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Turning the Dream Into a Reality: 5 Startup Mistakes & How to Avoid Them, part 4

Written by:
E.P Pirt, Jr.

March 19, 2020

Moving on from last week’s article on authenticity, this week’s focus on common startup mistakes is a big one – expectations!

Photo: Startaê Team on Unsplash

Common Startup Mistake: Mismanaging Expectations

Be realistic and don’t assume everything will work out. It won’t.

If you aren’t authentic with yourself, your brand, or others, chances are that you’re also not properly managing expectations and falling victim to our fourth common startup mistake. Whether it’s yourself, your co-founders, your investors, or your customers, you have an obligation to be realistic and honest with expectations and try your hardest to meet them.

Gregarious Narain

Gregarious Narain, Founder of Founder Craft, Mentor at Techstars, and Chapter Director of Founders Live (Denver), states:

Without a doubt, the biggest and most prolific problem I have experienced or witnessed was a failure to manage expectations. As with any pursuit in life, goals are the internal metrics that we define for success whereas expectations are the external promises we make to others.  As founders, our job is to establish baselines and manage expectations for all the stakeholders that are involved. In short, our job is managing expectations.”

He goes on to break it down into three prime examples; cash, commitments, and customers. First, cash.

First time and experienced founders fail to account for how much free capital they need to survive.  We’re far too optimistic and always assume everything will work out. It won’t.” 

He then explores commitments, which is more or less a reflection of time management, or lack thereof.

Most hustles start on the side…For most of us, our day jobs, relationships, children, and hobbies all will compete for our time.  On any given day, it’s difficult to predict which one will be the winner, but almost certainly the biggest loser is your side project. Our failure to make reasonable goals once again leads to unfortunate expectations and results.”

Lastly, we have managing customer expectations, which boils down to how well you’ve managed the two aforementioned, as Greg explains:

Both cash and commitments feed into the broader, most critical place where managing expectations can crush our business. When we make promises to customers, we must consider them commitments that must be honored — or we risk losing them and ruining our reputation in the process. Clearly, if we don’t manage our own expectations for the cash required to accomplish our goals and have not properly allocated the time needed to focus our efforts, we have the perfect recipe for failing our customers. Don’t do this.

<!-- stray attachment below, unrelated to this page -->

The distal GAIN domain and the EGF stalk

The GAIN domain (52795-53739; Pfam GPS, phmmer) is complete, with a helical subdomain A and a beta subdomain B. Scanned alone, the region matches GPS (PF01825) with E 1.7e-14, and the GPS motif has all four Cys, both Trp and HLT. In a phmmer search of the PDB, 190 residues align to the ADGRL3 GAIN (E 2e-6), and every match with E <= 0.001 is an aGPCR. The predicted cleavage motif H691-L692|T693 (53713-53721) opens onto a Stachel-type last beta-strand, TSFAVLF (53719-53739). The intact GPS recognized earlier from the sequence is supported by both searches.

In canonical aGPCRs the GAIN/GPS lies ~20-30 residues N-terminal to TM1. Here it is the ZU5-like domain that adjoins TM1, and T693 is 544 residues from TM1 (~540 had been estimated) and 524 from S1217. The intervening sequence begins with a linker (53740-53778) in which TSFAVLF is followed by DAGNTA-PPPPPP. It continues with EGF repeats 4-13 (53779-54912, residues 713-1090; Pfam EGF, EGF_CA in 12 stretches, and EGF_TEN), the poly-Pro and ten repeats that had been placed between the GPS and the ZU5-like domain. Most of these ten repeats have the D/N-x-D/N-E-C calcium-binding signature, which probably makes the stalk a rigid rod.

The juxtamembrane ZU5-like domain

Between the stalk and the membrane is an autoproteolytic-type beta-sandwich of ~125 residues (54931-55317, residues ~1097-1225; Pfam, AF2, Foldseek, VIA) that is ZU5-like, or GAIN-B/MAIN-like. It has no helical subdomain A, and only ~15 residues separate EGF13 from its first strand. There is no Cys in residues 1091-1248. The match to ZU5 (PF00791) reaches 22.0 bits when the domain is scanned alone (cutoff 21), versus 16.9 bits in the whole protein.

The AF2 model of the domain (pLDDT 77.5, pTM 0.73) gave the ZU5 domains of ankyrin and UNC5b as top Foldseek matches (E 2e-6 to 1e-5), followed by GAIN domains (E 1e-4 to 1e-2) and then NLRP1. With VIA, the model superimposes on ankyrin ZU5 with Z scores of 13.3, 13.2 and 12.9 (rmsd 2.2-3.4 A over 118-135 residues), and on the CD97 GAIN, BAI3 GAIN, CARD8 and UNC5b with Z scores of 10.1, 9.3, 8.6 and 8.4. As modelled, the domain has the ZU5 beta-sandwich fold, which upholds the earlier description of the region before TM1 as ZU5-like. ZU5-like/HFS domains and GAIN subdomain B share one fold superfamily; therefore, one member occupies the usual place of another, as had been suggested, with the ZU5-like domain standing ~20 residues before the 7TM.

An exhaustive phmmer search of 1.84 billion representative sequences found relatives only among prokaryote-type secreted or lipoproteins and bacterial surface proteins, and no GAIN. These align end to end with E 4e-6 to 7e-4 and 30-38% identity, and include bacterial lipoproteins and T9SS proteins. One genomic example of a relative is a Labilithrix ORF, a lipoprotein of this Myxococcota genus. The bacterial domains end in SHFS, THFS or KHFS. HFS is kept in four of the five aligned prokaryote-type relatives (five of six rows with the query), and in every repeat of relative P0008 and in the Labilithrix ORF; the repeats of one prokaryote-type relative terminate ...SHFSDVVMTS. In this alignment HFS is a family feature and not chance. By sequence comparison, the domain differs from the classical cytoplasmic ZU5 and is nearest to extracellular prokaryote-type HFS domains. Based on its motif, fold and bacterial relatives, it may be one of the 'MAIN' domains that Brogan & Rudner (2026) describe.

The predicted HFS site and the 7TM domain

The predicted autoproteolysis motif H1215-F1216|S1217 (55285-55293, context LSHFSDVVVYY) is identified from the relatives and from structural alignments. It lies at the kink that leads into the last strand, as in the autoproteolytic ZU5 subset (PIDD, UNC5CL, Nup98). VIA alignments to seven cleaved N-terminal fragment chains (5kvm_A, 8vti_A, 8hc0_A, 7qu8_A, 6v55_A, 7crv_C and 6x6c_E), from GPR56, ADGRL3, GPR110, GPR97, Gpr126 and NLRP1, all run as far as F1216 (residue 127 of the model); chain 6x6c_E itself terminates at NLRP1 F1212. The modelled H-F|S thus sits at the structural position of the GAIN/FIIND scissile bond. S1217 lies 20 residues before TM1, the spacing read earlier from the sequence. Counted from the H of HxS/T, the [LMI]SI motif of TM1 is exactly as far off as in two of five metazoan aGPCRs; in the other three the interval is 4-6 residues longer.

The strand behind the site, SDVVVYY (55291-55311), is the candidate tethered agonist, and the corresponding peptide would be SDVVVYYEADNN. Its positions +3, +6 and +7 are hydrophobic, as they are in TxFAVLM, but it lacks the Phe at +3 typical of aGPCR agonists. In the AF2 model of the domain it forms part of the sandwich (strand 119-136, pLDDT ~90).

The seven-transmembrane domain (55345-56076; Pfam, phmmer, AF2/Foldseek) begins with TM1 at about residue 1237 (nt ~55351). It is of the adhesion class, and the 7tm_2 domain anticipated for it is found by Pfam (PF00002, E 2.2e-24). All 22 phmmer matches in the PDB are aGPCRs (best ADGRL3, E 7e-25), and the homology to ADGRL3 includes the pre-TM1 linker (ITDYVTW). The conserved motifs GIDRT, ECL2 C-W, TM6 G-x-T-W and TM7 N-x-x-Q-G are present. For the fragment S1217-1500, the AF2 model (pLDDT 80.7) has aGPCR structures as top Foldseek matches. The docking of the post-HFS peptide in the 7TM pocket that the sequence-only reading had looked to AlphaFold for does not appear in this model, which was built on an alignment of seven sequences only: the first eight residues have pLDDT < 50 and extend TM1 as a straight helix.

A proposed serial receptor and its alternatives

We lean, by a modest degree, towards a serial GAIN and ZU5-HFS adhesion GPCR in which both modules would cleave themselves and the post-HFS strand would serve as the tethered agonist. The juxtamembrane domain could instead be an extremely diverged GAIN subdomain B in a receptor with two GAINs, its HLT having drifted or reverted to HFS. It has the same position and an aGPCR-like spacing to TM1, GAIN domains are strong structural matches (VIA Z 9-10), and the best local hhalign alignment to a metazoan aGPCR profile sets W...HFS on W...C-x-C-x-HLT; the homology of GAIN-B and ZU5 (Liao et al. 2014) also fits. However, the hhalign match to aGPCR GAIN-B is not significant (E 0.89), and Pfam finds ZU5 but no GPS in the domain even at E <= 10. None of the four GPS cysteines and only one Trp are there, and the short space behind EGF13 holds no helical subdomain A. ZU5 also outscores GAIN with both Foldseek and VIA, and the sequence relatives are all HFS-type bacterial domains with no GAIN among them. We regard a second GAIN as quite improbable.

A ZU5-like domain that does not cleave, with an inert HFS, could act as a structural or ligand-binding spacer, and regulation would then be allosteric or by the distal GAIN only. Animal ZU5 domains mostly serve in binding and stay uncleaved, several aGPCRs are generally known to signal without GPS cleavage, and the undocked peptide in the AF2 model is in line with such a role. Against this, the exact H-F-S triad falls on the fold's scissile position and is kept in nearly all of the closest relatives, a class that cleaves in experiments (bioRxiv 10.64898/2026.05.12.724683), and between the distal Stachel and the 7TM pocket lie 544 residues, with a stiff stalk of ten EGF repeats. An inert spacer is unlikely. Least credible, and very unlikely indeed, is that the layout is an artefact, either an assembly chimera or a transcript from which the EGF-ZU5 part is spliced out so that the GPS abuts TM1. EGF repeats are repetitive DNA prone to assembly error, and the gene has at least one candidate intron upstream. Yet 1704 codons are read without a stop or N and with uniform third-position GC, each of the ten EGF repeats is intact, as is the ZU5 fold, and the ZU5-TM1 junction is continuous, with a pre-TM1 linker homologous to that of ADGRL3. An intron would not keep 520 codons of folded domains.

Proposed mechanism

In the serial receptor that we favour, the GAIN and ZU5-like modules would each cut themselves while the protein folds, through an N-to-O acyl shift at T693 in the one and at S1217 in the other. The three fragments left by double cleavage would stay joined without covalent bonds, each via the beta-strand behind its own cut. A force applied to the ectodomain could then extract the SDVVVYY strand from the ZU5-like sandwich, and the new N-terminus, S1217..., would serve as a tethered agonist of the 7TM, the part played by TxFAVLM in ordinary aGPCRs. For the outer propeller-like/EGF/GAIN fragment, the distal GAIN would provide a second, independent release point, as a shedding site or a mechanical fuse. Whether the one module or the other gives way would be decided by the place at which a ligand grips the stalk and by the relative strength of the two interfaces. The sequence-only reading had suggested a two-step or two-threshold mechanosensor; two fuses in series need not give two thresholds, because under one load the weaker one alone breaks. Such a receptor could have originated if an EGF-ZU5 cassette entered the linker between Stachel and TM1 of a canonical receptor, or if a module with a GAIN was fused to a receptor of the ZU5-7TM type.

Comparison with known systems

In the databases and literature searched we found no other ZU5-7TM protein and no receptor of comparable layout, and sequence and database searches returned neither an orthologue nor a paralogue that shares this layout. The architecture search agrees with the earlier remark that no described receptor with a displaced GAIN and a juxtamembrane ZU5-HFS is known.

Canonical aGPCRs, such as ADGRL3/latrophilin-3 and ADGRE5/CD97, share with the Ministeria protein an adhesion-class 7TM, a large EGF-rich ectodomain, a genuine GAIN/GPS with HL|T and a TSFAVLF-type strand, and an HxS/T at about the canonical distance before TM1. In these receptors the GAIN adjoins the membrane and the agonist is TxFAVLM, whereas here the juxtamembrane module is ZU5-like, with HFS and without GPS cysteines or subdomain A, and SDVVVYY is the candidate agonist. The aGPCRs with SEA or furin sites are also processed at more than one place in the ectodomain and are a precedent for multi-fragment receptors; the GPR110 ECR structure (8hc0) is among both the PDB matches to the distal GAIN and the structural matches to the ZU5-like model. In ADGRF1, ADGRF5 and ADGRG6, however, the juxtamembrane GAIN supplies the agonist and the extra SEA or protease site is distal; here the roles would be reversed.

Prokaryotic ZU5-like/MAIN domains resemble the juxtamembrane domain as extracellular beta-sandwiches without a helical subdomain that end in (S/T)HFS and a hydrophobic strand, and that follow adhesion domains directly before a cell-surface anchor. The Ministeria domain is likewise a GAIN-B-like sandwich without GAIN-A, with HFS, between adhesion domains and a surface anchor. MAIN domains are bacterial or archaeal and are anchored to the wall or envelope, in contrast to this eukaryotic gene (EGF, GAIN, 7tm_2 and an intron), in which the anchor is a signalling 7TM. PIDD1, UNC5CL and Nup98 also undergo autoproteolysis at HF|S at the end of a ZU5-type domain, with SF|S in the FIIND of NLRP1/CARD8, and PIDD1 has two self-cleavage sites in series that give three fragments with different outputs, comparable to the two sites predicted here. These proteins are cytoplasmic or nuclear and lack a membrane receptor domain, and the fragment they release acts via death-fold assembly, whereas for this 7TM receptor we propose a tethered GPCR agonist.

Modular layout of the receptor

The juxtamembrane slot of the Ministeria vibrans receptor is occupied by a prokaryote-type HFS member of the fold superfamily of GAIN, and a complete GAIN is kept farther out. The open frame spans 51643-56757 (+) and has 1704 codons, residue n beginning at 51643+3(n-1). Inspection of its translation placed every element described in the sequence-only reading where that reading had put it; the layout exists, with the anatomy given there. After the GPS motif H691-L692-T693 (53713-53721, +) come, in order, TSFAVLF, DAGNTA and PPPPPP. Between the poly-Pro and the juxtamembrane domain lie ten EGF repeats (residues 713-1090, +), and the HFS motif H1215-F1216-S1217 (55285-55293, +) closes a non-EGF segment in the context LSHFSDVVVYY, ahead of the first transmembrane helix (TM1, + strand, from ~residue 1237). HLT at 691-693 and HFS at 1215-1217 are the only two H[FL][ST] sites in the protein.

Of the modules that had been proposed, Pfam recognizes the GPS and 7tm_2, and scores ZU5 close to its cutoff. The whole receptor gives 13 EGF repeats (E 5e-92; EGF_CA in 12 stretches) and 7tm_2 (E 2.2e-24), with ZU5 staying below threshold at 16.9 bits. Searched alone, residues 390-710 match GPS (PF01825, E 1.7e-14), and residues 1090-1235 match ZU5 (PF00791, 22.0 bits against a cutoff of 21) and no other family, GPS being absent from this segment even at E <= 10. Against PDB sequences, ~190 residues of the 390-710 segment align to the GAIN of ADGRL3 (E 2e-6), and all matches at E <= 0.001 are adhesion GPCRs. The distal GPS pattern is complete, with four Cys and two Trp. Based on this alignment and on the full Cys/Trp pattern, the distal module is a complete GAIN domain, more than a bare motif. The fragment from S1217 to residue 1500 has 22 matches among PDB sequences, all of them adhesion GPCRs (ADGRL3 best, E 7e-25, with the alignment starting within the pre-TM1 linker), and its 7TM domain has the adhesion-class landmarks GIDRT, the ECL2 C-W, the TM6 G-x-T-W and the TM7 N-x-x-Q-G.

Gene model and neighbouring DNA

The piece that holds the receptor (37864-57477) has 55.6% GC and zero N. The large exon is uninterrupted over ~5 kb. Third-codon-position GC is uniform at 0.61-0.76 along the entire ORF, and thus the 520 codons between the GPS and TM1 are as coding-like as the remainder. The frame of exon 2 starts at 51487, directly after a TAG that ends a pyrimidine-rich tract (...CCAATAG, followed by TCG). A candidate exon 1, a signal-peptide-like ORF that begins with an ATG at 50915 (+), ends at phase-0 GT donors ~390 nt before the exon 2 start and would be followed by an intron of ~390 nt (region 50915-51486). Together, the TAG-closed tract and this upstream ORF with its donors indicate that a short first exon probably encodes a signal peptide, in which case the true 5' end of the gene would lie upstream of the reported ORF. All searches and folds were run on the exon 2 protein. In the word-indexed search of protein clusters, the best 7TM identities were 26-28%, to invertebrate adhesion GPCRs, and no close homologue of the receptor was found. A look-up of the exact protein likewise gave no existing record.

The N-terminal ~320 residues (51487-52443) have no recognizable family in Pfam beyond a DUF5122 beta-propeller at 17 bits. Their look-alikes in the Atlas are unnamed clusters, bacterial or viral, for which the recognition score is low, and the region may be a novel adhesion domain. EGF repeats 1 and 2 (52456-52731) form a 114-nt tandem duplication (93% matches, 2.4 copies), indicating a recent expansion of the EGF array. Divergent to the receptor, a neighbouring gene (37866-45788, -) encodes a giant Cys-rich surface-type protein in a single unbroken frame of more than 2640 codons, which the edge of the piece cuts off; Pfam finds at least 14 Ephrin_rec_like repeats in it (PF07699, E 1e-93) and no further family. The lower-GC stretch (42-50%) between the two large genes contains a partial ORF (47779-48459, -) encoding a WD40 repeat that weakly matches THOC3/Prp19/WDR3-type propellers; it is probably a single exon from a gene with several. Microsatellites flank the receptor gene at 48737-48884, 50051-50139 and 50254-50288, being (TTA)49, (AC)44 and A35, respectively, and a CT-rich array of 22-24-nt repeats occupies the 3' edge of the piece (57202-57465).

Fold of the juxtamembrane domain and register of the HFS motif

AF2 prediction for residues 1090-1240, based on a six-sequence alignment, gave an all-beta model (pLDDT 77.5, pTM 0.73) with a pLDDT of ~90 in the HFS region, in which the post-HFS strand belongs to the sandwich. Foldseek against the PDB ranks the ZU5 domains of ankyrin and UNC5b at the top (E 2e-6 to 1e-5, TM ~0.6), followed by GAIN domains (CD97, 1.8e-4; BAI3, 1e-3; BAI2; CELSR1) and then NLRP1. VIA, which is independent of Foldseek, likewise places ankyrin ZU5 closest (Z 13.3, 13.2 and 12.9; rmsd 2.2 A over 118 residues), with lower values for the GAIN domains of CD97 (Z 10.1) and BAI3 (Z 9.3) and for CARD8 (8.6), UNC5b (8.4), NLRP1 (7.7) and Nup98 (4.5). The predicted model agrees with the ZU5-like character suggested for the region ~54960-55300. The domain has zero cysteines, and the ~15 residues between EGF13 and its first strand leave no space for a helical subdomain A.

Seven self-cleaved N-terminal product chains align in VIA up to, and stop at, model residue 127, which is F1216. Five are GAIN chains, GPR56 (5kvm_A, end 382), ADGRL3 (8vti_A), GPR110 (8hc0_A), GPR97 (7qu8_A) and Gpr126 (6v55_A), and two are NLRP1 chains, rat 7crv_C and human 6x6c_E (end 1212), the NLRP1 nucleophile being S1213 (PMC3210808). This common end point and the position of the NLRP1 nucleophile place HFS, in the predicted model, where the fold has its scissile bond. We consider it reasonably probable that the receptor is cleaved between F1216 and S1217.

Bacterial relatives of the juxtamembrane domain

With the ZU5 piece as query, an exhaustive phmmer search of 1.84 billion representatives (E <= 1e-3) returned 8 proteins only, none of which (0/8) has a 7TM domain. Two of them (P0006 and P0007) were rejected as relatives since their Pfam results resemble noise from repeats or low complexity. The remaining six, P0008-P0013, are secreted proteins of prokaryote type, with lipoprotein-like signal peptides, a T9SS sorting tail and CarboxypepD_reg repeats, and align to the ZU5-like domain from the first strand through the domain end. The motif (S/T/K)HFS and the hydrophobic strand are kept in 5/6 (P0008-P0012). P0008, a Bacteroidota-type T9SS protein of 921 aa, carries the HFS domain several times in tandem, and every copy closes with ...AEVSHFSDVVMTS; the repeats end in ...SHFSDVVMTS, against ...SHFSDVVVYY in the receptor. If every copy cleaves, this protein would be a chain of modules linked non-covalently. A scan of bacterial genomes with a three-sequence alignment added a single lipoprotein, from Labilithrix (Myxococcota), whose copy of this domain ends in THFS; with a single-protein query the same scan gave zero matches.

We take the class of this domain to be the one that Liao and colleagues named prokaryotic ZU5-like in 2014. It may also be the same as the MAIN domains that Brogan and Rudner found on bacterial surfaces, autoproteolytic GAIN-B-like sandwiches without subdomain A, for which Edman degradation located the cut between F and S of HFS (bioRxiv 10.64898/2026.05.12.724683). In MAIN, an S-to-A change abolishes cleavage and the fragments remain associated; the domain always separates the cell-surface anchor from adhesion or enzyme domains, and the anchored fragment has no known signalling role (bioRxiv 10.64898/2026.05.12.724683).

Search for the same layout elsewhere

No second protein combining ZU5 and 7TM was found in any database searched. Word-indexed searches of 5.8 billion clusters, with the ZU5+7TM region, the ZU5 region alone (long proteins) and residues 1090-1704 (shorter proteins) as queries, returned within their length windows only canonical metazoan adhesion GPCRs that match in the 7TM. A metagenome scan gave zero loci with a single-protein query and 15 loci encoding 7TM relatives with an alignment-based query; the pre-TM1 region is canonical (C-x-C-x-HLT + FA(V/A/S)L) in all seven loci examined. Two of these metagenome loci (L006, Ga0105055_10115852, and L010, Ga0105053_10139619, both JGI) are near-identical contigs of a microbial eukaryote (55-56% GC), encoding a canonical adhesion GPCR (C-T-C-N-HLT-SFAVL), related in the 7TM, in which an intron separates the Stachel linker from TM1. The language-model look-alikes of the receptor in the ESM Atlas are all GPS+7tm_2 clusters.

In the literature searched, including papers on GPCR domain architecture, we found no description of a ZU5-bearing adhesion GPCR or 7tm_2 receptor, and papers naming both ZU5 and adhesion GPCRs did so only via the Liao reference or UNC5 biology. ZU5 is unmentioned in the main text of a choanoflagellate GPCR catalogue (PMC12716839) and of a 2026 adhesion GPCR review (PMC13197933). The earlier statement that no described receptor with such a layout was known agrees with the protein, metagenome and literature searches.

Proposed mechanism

Another expectation that you should manage is, “How many people are going to understand and appreciate the importance of my idea/product?” The answer is easy: zero. Remember Noel James from our earlier piece? Allow him to weigh in one more time:

Entrepreneurs don’t understand that they are the only one who truly sees the vision [in their product]. Yes, you can get investors and a team on board, but no one sees what you see. This can lead to a big lag between your expectations and the ability of others to bring your vision into the real, physical world!

John Lashbrook

John Lashbrook, Founder & CEO of Legacy Lantern, agrees.

No one will care about your startup more than you. No…one…Own that fact and you will dodge disappointment. It’s your dream and no one is responsible for it except you. You and only you will make it a reality. I don’t mean you have to do all the work, just understand that at the end of the day, when everyone else goes home, they stop thinking about the startup.” 

So how do you motivate your team to make the dream a reality?

“Have a sense of urgency and attention to detail. Project that urgency and attention to detail into your team every day. You make your dream a reality by making sure everyone has everything they need to get their job done. There can be no ambiguity in what they have to do, why it is important, and how it fits into the overall execution plan.


To recap on common startup mistakes part 4:

  1. Manage expectations; specifically cash, commitments, and customers. This will come easier with a well executed plan.
  2. Understand that no one will care about your product/dream as much as you.
  3. Motivate your team by projecting a sense of urgency and attention to detail every day.

By: E.P Pirt, Jr.

March 19, 2020

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